The Benefits of Getting Outdoors for Dementia

The great outdoors can be one of the untapped resources for helping a loved one when it comes to Dementia.

Most of us are aware of the benefits of spending a certain amount of time outdoors each week and try to fit this into our daily routines. The same is true for those with dementia, and significant improvements to quality of life have been shown for those who can be assisted to spend time outdoors on a regular basis. Substantive research has demonstrated the therapeutic value of time spent enjoying daylight, sunshine and fresh air, but often this is overlooked for those in care homes or hospitals.


There are many reasons why incorporating some time outdoors could really benefit those with dementia including sufficient intakes of vitamin D. Lack of this vital vitamin is associated with a range of conditions including increased risk of autoimmune and inflammatory diseases. Lack of light can also result in poor sleep patterns as exposure to light is instrumental in setting the body clock.

In addition, getting fresh air and exercise is known to reduce stress levels and agitation, all important reasons to consider factoring in time for loved ones and carers to incorporate periods of time outside for those with dementia. Even as little as 10 or 15 minutes per day has been shown to improve mood, reduce agitation and enhance sleep patterns for those in adult care services.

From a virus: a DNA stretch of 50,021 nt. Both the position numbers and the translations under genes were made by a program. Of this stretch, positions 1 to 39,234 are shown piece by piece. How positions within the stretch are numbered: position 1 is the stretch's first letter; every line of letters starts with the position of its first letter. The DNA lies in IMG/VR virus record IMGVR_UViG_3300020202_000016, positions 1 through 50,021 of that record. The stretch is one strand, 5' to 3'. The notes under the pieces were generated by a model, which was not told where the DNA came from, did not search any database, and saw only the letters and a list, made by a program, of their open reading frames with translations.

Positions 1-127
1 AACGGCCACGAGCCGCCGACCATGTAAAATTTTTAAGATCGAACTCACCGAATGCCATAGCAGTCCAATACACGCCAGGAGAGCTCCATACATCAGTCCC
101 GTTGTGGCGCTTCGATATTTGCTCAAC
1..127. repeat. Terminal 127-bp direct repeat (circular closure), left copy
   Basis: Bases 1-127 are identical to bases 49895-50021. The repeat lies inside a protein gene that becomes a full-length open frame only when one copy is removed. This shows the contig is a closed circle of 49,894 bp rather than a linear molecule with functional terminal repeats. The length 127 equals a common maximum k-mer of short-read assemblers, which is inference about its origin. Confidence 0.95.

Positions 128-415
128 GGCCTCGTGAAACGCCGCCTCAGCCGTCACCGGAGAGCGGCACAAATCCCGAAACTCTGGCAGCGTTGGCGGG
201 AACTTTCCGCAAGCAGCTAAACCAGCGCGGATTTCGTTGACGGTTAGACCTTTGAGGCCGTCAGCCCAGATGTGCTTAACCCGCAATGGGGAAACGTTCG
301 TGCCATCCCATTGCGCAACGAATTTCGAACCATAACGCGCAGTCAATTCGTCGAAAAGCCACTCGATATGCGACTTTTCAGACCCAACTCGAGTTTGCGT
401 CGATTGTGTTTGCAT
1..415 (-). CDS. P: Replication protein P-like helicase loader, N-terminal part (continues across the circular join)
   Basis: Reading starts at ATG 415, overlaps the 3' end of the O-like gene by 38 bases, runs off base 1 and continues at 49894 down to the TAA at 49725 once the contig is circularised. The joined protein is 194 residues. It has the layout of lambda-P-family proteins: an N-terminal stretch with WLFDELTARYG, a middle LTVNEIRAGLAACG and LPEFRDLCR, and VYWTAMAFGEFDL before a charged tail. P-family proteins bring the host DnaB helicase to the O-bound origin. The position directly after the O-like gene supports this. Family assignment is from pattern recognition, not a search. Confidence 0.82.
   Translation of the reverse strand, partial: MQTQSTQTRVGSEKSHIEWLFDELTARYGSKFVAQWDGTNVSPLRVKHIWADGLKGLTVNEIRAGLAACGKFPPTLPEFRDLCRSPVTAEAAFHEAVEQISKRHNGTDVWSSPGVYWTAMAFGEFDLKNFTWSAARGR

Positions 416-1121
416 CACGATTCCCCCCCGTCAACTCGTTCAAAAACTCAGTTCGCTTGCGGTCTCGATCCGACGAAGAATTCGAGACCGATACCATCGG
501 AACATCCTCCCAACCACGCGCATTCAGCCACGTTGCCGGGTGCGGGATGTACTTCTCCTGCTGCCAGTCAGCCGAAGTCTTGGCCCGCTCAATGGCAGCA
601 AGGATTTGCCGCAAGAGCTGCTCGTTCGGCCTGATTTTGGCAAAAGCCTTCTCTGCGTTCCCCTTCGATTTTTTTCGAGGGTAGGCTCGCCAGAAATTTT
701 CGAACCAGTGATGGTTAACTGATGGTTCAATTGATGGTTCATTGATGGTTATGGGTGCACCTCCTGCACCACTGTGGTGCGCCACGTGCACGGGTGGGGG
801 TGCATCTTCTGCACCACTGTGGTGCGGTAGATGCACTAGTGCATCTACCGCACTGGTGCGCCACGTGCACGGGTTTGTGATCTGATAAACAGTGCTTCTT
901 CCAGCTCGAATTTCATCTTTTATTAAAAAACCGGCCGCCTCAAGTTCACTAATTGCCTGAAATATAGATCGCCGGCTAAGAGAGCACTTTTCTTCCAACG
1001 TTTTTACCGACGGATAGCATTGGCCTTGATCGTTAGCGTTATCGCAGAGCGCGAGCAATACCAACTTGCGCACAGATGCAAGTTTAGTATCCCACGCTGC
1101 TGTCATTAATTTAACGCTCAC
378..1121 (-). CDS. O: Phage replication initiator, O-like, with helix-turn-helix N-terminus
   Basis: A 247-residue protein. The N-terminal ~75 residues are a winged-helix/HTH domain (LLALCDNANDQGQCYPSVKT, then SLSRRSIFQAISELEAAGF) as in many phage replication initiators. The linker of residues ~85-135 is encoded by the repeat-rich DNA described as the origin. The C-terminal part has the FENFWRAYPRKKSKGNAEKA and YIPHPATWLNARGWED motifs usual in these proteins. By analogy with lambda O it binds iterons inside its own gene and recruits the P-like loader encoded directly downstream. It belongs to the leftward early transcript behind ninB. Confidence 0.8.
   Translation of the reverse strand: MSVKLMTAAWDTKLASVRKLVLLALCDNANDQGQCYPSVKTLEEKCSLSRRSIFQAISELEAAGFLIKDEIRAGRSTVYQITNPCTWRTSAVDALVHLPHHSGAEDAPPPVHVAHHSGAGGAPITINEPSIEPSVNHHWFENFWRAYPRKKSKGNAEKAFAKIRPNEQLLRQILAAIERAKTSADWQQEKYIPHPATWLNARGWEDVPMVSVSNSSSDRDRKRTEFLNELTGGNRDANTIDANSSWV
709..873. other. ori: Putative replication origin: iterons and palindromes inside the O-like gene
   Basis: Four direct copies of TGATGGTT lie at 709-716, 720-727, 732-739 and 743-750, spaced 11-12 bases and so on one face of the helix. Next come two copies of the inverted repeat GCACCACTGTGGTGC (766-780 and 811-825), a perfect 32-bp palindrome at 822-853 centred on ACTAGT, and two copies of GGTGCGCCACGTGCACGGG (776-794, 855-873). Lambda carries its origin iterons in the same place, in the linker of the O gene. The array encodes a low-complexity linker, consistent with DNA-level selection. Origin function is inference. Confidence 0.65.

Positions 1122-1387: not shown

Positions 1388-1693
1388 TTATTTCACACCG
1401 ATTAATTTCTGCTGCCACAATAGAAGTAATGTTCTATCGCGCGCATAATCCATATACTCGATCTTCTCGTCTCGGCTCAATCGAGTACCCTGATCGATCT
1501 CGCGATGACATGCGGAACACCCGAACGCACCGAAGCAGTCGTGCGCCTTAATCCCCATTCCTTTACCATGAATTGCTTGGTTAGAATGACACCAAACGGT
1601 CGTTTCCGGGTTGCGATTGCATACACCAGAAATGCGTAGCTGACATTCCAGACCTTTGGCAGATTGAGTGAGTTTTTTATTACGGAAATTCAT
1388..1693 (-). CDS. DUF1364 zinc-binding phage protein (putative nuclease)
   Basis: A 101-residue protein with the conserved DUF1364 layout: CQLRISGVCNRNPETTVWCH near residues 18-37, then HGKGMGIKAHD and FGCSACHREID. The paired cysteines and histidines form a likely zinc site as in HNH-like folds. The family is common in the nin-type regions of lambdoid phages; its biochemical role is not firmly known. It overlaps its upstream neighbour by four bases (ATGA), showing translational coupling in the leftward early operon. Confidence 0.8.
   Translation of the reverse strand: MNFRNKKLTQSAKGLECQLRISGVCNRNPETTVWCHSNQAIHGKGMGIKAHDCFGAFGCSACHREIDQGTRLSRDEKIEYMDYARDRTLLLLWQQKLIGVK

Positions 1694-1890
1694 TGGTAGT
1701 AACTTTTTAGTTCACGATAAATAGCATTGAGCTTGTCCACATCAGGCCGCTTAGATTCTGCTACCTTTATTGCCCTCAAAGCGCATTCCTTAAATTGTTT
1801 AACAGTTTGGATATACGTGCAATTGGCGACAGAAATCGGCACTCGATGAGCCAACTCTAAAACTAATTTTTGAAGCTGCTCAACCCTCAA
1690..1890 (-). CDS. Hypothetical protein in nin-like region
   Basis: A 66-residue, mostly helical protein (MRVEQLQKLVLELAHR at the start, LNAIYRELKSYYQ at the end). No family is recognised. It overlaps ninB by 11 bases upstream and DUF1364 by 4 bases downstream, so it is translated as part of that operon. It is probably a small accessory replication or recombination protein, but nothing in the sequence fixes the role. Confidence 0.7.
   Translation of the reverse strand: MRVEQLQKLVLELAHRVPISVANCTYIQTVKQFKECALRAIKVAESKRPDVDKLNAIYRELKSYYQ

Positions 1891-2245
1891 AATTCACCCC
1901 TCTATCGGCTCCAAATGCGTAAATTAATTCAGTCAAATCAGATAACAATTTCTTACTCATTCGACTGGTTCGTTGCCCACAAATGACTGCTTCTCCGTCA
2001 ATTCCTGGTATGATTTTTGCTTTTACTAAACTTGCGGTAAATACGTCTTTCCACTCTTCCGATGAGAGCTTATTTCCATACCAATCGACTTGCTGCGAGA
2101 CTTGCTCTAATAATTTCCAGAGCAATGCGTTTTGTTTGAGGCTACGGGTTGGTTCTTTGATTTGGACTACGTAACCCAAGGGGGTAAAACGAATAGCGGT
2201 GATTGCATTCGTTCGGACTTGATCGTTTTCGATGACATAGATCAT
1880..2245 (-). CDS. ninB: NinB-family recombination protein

Another great reason to design spaces and opportunities for outdoor exercise or fresh air is that it breaks the routine that so many service users fall into and can encourage people to be more sociable and participate in light activities. This could be watering plants, light gardening, or for the less mobile just sitting outside to hear birdsong and experience daylight and fresh air which is known to have a soothing effect.


Even more importantly studies have shown that even light exercise and activity can help with cognitive decline and keep the brain active and slow down or ward off further cognitive deterioration. In older people this activity is synonymous with greater hippocampal volumes which is known to lead to improved spatial memory function. Exposure to bright light and moderate exercise was shown to improve the ability to communicate in a study of a group with Alzheimer’s disease.

Just as many of us can suffer Seasonal Affective Disorder, or SAD, this can also be the case for those with dementia which provides yet another reason to encourage or facilitate outdoor activity where possible and tailor this to the needs of each person. Even those who are more immobile can sit outside and watch others who may be able to undertake some activities, and this will also be beneficial, sociable and provide stimuli for people with varying stages of dementia.


For many people involved with caring for those with dementia there is often an overwhelming desire to protect them which can translate as staying indoors, and the thought of being outside can feel challenging and stressful. But, as with many areas of life, if carefully and appropriately planned it can be a real bonus for loved ones, service users and their respective carers.